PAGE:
It’s all about shaming
Back to Maya and me. I did not grasp it immediately, but I do now. It’s all about shaming. Maya, bless her socks, is one of the most risk-averse people I have ever met. She does not “get” risk or risk-takers. Outwardly extraverted, bright, and engaging, she lives a limited and limiting, fear-based life. When she was seriously ill several years ago, I organized for a friend to send her some books and materials she had collected about her particular disease.
“Don’t even bother sending them,” Maya snarls when I ring her from Australia.
“Tell her not to send those books if they say that my disease is a ‘wake-up call’. I’m not interested in a wake-up call.”
I say I had no idea what is in the books, and she can make her assessments when they arrive.
feeling TRULY BROKEN
A few months before I move to Canada, I admit to Maya that I was feeling “really, truly broken because the loss of Karl is so massive.”
Maya writes this: “You made choices that left your friends without a choice but to help you when things didn’t quite work out because they love you.”
Maya further explains that “there is still time to rethink the Vancouver plan if you feel that you can line up more secure housing and better supports in Australia.”
Maya (with no investments of her OWN) interrogates my investment portfolio
My evening with Maya ends with my demanding that she stop talking about my proposed investments. We leave the restaurant in silence and trudge up to her car. As we stand on the sidewalk, I stammer that she has told me more or less the same thing many times, reminding me of a litany of my financial and other risk-taking failures. I exclaim that this must be the price I pay for over-sharing. I remind her that I have come within inches of death after witnessing Karl drown. I am proud of my courage to face my new life alone in Canada. I enumerate my achievements since Karl died. I also explain that two accountants, a financial advisor and a close friend with extensive investment experience, are advising me on how to invest my insurance payout.
I blurt out that we can never have such a conversation again. And then I march up the hill to my home.
Later, debriefing the conversation with my friend, Stacey, I realize that what I experienced from Maya was shaming behavior.
Shame and grief: a toxic combination
A quick Google search uncovers the robust relationship between shame and grief and how incredibly painful shaming behavior can be for a grieving person (primarily because we are already likely to be engaged in self-shaming over matters associated with the death of our loved one). Roger Thoman, a grieving parent, explains that grief “comes and goes as unexpectedly as a summer squall” (www.rogerthoman.com/saying-yes-to-grief-and-no-to-shame).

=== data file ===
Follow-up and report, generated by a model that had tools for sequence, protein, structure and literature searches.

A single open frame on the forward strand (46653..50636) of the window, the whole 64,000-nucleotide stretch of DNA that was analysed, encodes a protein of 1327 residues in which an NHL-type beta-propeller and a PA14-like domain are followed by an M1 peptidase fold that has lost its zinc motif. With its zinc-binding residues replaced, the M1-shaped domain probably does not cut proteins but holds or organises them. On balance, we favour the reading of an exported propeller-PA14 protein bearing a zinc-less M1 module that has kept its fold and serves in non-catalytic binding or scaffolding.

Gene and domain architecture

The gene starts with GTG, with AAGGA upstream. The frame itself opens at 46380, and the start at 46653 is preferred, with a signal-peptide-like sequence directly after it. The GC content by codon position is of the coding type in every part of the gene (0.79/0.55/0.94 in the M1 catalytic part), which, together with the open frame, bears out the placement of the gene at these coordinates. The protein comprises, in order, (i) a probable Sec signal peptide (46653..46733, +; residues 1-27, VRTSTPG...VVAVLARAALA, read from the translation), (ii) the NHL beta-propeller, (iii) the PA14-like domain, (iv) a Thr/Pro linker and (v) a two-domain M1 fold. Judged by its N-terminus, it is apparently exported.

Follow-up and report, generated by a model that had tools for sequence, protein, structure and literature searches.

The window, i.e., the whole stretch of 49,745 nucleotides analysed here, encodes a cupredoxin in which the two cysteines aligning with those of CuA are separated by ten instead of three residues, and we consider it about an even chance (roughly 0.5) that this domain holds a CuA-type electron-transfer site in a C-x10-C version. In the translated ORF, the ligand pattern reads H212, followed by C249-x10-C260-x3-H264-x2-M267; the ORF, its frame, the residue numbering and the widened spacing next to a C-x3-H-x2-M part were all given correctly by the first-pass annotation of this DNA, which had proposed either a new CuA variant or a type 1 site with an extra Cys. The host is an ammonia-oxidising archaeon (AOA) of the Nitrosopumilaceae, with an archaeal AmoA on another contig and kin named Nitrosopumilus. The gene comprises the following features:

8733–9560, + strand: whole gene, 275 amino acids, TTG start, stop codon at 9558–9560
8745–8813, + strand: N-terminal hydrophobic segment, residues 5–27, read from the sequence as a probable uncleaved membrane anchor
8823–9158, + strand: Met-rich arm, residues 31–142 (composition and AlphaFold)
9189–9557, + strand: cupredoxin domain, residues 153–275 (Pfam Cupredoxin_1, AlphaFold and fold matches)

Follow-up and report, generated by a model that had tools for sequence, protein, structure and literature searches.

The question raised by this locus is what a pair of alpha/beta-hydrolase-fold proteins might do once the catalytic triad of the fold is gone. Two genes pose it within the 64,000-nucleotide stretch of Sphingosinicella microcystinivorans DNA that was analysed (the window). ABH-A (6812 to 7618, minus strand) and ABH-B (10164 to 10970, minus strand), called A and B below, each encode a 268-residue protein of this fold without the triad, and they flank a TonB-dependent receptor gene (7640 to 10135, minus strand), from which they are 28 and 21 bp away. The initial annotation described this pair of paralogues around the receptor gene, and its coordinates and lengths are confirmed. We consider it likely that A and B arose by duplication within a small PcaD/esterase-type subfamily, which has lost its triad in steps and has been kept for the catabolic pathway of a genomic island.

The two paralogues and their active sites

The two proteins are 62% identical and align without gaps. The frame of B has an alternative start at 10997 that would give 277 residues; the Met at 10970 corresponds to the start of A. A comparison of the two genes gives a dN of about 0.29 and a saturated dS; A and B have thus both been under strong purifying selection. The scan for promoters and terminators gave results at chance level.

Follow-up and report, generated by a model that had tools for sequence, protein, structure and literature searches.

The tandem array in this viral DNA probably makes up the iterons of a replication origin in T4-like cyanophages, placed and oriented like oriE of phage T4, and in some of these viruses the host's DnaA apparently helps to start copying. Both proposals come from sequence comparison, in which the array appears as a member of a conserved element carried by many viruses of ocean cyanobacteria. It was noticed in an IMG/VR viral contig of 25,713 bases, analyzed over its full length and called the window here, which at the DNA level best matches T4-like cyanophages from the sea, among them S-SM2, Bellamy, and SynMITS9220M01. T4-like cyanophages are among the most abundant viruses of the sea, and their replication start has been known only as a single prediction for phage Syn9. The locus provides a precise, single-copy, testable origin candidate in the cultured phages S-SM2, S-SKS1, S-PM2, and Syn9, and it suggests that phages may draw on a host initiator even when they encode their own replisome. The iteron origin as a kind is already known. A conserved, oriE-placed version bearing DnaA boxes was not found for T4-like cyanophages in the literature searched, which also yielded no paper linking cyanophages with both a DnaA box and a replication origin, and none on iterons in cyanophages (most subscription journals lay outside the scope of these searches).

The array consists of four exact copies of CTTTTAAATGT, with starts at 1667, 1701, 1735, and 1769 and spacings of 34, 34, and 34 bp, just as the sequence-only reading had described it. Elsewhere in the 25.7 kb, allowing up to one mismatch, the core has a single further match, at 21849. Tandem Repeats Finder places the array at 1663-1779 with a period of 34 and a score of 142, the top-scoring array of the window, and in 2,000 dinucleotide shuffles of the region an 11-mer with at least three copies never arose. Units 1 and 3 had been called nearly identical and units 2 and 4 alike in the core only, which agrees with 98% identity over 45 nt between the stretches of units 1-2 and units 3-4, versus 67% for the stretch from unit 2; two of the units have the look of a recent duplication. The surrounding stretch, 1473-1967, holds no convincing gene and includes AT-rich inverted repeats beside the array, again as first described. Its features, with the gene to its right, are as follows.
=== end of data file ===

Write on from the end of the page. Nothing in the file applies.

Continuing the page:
So does shaming behavior when you are grieving.
Shame is like a leech: potent, dangerous, and potentially lethal to the soul. Shame can internalize problems and leave the grieving person feeling that they are the problem.
Tim Lawrence, a specialist in adversity, blogs that grief and shame are “an unacceptable combination” (www.timjlawrence.com/blog/2015/grief-and-shame-an-unacceptable-combination).
And we must acknowledge that shame in the wake of grief is “one of the most lethal, pervasive desecrations of humanity.” Further, “when your life’s been torn apart, the potential for humiliation is exacerbated to infinity. To add a layer of poisonous shame to your already turmoiled position is not only scary, but it’s also dangerous.”
Lawrence explains that “the combination of grief and shame is the most wounding force in the lexicon of human emotion.”
the master emotion of everyday life
Psychologists regard shame as the “master emotion of everyday life,” and in recent years, researchers have explored relationships between grief and shame, especially in cases of spousal bereavement. Mine is a good case in point, as shame often arises as a breakdown in self-presentation as a worthy person. It warns us when we have lost or are about to lose value and acceptance in the eyes of others.
That’s how I feel with Maya. Bereaved people who feel shame about the death of their spouse may find their symptoms exacerbated because of a history of childhood assault, emotional abuse, parental neglect, abandonment, and rejection.
Bereaved widows are more likely to experience traumatic (prolonged) grief if they experienced childhood adversities.
Karl helped me to keep my shame at bay
Maya would say I was one of the most confident people she knows; that I have buckets of self-esteem. But Maya hasn’t thought much about my traumatic childhood.
I received a tremendous amount of affirmation, acceptance, and approval from Karl in our 23 years together. So, possibly, as well as missing his obvious love, connection, comfort, reassurance and support, I am missing the loss of the source of confidence that held my shame at bay.
Blessedly, I have accepted that Karl is dead. But I find that self-confidence and self-esteem, once lost, are difficult to regain, even for a confident and self-assured woman.
How can I use our healing model to work through the emotional fallout from the shaming situation with Maya?
So, given that I am grieving, in pain, feeling shamed and deeply upset, how can I use our healing model to work through the emotional fallout from the shaming situation with Maya?